TRG SPEAKER PROGRAM
Personal Stories of Recovery
~ Sharon S. ~
My name is Sharon and I am a compulsive overeater. I have been asked to share my story: what it was like, what happened and what it is like now, so here it is. If I think back to what it was like before I came into the program, I realize that I was probably a compulsive overeater from when I was very young. Although as a child I wasn't overweight, I was a very lonely, withdrawn, I can still remember being very shy and happier with my books and being on my own. I used to bury myself in the stories and of course no book was any good without all the food I would consume while reading. It wasn't until I reached puberty that I started to pick up weight. Because I was doing ballet at the time there was pressure to be thin and so I began dieting. This began the obsession with my weight and what I put into my mouth. In retrospect, I wasn't really that fat at that stage but I had and still do have distorted body image so I never saw myself the way I really was. Also, at that stage I started to become very short sighted and had many complexes about wearing glasses. So instead of my teenage years being fun, going out with friends and on dates, mine were very lonely years with food was always there to console me. On Saturday nights when other girls were out on dates, I was home with my books. After all, food never let me down, rejected me, disappointed me or at least that's what I thought back then. I used to live in a dream world where a handsome prince on a white horse would come into my life and carry me off into the sunset where I would live happily ever after.
The other thing I remember about my childhood was that my mother wasn't very demonstrative. I know she was only doing the best she knew how but I didn’t know that at the time. I'm sure she loved me but it always seemed as though she only loved me when I did well at school or ballet. Then she could brag about my achievements. I felt as though I wasn't accepted or loved unconditionally. As a result, I wrote a script for myself that read, “In order to be loved I had to be the best at whatever I did.” As a result I became an overachiever. Because of my feelings of insecurity and not being good enough or thin enough or pretty enough to be a success on the social scene; I wanted to shine on the academic side. I accomplished that both at school and university. The food was still my friend and either I was on a diet or else I was compulsively eating to stave off the feelings of loneliness and emptiness inside.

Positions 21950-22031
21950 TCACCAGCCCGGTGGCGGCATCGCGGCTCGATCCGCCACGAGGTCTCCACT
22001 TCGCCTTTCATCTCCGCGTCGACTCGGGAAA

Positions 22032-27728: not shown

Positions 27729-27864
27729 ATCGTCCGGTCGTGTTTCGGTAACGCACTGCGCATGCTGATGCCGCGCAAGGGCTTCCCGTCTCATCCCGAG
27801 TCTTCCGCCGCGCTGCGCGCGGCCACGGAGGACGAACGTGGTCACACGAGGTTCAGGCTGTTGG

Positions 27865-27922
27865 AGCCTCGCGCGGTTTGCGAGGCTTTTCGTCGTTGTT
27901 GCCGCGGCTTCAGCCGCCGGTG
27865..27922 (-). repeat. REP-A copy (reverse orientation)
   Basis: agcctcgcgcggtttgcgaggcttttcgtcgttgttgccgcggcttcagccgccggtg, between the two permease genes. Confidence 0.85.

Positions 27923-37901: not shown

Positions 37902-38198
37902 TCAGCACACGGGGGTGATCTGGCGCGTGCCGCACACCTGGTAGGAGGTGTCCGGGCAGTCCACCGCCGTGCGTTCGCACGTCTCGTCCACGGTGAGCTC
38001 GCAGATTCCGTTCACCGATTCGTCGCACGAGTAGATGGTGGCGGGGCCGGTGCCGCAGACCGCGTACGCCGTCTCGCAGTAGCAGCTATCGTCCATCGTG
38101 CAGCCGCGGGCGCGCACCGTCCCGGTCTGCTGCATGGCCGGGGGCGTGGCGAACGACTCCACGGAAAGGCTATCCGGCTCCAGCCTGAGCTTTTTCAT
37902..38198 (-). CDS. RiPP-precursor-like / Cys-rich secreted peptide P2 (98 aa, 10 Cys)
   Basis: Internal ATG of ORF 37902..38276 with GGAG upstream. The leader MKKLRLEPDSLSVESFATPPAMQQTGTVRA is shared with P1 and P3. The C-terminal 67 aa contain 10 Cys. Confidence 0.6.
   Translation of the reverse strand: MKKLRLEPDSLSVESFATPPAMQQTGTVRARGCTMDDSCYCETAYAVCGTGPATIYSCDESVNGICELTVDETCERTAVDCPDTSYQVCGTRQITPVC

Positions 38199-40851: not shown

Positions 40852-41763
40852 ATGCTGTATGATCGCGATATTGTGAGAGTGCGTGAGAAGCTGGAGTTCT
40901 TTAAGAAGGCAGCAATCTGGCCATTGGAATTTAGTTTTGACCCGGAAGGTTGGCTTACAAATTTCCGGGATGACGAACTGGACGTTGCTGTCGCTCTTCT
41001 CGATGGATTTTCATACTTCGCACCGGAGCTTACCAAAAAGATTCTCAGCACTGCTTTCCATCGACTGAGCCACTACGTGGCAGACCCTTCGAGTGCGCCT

I hadn't dated a whole lot and I was swept off my feet by the person who I thought would be my handsome prince. In reality, he turned out to be a frog. Even though I may have realized at some stage that my marriage wasn't perfect, I didn't want to admit I'd made a mistake. In order to make life more bearable I turned to the food with more desperation. They say this disease is progressive and my experience shows this is true. The harder the problems became in my marriage the more the food helped me to cope. I didn't want to admit what I was feeling and couldn't bear the thought of anyone knowing what I did in secret. Then, in addition to my bad marriage and the financial difficulties, my brother was killed in a car accident. Because he and his wife were getting divorced at the time, in one fell swoop we lost both my brother and my nephews. Our family, especially my parents, fell apart. So I put aside my feelings of grief and loss because I had to be strong for my parents. Again I buried my feelings with mountains of food. Then when I got divorced I had to be strong for my children. The pattern of putting my needs aside because I felt that my needs weren't as important and because others needed me to be there for them was becoming very obvious.
When I remarried I again thought that my life would be perfect. I soon discovered that second marriages are much more difficult. I had never expected that it would be so hard. With children from different marriages and ex spouses my life became even more unmanageable. I turned to food even more than I had in the past and the binges became far worse. Because I had always been dieting on and off, I wasn't that overweight at any given time. Nobody knew what I was doing as it was all done in secret. The shame and guilt was enormous. My compulsive overeating spun totally out of control when my stepson committed suicide and my husband lashed out at me and my children in his pain and grief. I didn't know how to deal with it and instead I ate and I hated myself all the more. At that stage I didn't know that I had a disease and that I was powerless over food.
Fortunately, I was led to the doors of OA just over thirteen years ago and I related to what everyone in my first meeting shared. I knew I wasn't alone. Because my normal pattern was to do whatever I tried perfectly and I couldn't remain abstinent for longer than a few days, I felt like a failure. More than anything, I struggled with the concept of a Higher Power. I was angry at God at that point and could not believe that God could do what these people told me He could. I mean where as God when my only brother was killed in a car accident or when my stepson committed suicide? So I left the program on step two. Also at that time I was busy studying for a postgraduate degree in Psychology, and there was no way I could imagine studying without all my binge foods. I buried myself in my studying and food. Fortunately for me, I got desperate enough to come back. I decided that I would do whatever those crazy people were doing because I saw in their faces something that I wanted. I didn't know at the time what that was, but now I know I saw in those faces hope ~ and I needed that. So I decided to do whatever they were doing for recovery. I just did the footwork and "acted as if." I believed it would work and that there was a Higher Power that could restore me to sanity.